British insurer Aviva reported a rise in sales of its private health cover on Wednesday, as new data also showed patients turning to private health care in record numbers, while the NHS struggles with waiting times.

In a business update, the FTSE 100 insurance company said its private healthcare sales rose 25 per cent to £33m in the first quarter of the year as NHS build-up encouraged more people to go private.

“While the NHS does a great job for millions of people, there are people who would like to expedite their treatment, or have the confidence that if something were to happen to them, they want to receive that expedited treatment,” Aviva said. executive director amanda blanc he told the Financial Times. “Volumes are very strong and to be honest we don’t see that changing anytime soon.”

Aviva has accepted about 123,000 new private medical clients in the past year, he said. Its products include a virtual GP service that has been attractive to people struggling to get an appointment with their local practice, she added.

“I think private healthcare should be seen as a positive complement to the NHS in clearly difficult times,” Blanc said. Aviva’s health and protection business generated £2.5bn in revenue last year.

The number of people waiting to start hospital treatment reached a record earlier this monthwith figures released by NHS England showing that 7.3 million patients had not yet started treatment at the end of March.

Research published on Wednesday by the Private Health Care Information Network (PHIN) also revealed that there were 820,000 private hospital and day patient admissions in the UK in 2022, the highest number since the organization that tracks data from Treatment began collecting these records in 2016.

The annual total increased 8 percent from the prior year and represented a 5 percent increase from 2019, the last full year before the COVID-19 pandemic.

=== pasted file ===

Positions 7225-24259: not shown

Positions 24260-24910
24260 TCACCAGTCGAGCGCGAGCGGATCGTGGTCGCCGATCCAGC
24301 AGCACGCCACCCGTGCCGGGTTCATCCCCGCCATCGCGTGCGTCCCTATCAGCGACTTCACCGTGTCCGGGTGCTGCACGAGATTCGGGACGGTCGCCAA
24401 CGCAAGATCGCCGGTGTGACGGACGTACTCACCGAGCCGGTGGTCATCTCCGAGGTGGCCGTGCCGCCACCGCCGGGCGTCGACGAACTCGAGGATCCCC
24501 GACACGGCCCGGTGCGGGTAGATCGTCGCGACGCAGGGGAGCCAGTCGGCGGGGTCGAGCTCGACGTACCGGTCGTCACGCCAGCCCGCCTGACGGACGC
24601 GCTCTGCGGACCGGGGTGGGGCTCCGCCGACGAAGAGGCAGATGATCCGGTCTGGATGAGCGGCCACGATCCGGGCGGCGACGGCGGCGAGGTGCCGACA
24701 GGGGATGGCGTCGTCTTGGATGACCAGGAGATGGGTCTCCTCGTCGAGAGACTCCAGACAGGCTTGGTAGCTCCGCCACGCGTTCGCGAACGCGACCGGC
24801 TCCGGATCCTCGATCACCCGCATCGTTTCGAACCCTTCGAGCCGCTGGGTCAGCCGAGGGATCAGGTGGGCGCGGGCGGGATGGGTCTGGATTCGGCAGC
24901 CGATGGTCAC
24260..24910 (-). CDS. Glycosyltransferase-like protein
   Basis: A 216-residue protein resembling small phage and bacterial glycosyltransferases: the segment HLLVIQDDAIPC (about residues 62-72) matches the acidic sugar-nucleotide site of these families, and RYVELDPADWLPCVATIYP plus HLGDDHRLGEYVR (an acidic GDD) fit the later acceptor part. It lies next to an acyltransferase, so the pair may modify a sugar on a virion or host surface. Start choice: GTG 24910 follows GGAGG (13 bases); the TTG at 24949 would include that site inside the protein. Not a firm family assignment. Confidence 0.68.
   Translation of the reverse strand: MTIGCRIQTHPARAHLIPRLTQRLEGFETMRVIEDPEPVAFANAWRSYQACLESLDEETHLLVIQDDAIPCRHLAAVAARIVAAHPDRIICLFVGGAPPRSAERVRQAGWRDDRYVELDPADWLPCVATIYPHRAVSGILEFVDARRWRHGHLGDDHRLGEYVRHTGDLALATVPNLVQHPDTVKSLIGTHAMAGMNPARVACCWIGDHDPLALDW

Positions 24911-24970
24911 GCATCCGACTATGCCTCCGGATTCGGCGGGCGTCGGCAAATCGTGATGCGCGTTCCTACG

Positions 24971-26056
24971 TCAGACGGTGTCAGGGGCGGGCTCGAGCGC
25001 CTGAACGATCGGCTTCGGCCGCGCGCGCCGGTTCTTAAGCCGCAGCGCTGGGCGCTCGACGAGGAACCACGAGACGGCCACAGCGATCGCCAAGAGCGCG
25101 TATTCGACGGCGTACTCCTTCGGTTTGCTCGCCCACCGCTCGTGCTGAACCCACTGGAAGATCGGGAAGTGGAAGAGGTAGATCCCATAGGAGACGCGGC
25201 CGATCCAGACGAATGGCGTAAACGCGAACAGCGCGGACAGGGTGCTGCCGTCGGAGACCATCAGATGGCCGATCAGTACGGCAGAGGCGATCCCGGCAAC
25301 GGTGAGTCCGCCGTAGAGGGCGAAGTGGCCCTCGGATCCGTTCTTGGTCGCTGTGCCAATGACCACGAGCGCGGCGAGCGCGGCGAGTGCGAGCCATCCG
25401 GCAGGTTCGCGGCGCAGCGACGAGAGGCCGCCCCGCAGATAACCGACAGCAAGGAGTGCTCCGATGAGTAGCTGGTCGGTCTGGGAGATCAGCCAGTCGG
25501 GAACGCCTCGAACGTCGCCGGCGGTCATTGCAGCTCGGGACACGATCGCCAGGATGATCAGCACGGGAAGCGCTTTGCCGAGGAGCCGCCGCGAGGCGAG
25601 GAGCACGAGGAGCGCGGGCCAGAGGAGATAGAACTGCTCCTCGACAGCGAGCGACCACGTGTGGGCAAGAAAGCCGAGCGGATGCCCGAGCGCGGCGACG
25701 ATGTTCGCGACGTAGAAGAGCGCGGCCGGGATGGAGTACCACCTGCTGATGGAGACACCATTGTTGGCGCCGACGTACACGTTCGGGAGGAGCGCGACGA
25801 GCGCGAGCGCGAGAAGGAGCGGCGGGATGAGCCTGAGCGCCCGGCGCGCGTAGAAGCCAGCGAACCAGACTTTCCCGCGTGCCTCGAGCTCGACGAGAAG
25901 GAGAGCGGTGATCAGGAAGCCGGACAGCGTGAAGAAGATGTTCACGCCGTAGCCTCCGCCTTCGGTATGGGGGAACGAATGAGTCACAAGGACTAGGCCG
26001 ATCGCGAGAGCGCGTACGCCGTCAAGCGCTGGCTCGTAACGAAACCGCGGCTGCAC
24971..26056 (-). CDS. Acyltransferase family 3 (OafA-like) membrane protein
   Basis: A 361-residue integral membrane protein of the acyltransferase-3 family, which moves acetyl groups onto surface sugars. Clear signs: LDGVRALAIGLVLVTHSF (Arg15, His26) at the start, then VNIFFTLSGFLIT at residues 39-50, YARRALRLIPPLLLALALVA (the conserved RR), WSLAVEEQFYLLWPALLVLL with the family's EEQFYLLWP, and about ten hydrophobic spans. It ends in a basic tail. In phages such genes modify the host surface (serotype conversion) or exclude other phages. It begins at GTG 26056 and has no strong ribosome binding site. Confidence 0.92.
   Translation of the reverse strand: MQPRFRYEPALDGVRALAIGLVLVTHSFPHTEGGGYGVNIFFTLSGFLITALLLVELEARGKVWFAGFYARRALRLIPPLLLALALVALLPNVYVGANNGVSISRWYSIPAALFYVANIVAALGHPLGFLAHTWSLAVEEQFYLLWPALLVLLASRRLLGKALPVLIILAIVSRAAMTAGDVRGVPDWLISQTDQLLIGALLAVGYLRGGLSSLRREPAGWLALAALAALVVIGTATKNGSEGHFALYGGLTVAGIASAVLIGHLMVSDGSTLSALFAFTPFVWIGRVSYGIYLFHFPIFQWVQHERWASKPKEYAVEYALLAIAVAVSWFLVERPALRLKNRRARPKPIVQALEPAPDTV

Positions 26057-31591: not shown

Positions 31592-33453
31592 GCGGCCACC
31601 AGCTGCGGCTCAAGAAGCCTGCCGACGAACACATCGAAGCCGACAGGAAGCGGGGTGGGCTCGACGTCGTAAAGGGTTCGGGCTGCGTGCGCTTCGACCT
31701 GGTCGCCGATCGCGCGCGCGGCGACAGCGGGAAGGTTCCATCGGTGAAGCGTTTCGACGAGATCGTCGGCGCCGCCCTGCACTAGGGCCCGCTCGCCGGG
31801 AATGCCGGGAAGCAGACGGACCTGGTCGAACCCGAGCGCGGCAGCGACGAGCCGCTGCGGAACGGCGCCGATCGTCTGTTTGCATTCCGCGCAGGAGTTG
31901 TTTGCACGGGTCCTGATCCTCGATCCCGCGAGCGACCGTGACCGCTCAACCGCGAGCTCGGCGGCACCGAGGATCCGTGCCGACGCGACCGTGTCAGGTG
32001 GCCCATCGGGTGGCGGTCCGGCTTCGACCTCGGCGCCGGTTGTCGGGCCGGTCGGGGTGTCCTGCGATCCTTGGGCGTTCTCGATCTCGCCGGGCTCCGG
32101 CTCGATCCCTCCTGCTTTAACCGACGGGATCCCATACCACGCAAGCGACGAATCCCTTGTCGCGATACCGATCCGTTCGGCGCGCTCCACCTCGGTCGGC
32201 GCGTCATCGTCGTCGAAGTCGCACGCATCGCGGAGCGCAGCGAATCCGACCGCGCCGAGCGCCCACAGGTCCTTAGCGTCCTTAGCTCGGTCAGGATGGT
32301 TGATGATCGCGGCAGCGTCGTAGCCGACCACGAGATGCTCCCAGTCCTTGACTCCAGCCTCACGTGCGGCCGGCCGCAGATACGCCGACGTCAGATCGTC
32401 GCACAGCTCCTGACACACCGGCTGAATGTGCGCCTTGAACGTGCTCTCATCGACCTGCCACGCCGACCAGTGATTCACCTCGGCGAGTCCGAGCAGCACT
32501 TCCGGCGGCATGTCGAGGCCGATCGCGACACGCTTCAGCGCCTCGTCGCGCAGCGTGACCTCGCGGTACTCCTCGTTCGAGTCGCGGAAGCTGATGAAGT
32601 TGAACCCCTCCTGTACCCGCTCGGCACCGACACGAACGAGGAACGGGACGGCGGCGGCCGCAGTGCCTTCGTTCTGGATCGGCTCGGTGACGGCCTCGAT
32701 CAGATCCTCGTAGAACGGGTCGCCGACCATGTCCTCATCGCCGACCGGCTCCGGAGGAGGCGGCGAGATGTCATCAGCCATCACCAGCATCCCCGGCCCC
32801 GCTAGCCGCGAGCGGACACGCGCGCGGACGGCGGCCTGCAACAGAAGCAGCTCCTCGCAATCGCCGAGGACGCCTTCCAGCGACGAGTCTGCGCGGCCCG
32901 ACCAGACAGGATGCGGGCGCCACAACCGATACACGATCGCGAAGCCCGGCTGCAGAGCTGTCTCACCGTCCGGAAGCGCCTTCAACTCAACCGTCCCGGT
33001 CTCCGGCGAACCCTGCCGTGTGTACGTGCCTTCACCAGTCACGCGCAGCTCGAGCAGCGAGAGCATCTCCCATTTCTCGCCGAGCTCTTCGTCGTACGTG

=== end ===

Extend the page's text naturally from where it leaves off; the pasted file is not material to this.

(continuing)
More than 200,000 people went private in Q4 2022, also setting a record for any single quarter.

The PHIN reported that the procedures paid with private health insurance reached the highest level since the start of the pandemic. There were more self-pay admissions, where people choose to finance their own health care instead of using private health insurance, in 2022 than in recent years.

PHIN Chief Executive Ian Gargan predicts there will be more than 1 million private sector patients this year and expects private health insurance to become more popular. “In a cost of living crisis, people are still willing to pay and prioritize their health,” he said.

Gargan believes that the main causes behind the increase in demand are public awareness of NHS waiting lists and uncertainty about how long they will have to wait. “People know they can be waiting a long time for a cataract or a knee replacement,” she added. “They feel like if they haven’t heard from someone for a long time, they’ve been forgotten.”

Spire Healthcare, a London listed company independent health groupin March reported an 8 percent increase in revenue in its preliminary results for the year ending December 31, 2022. It said the increase was driven by increased private treatment, with private revenue rising 14, 5 percent.

Its chief executive, Justin Ash, said at the time that “there has been a continued change in UK healthcare over the past year, with more people seeking fast and safe private care.” The Spire perspective added that private patient consultations were ahead of the previous year.

International healthcare company Bupa also reported that demand for private health insurance had risen in its full-year results released in March.

Investors, meanwhile, were unimpressed by Aviva’s broader first-quarter performance, with stormy markets weighing on its property business and its solvency ratio coming in slightly below analysts’ forecasts.

It also emerged on Wednesday that Cevian Capital, the activist investor, had sold all his share in Aviva, three years after launching her campaign.

Shares of the insurer fell 5 percent in afternoon trading.

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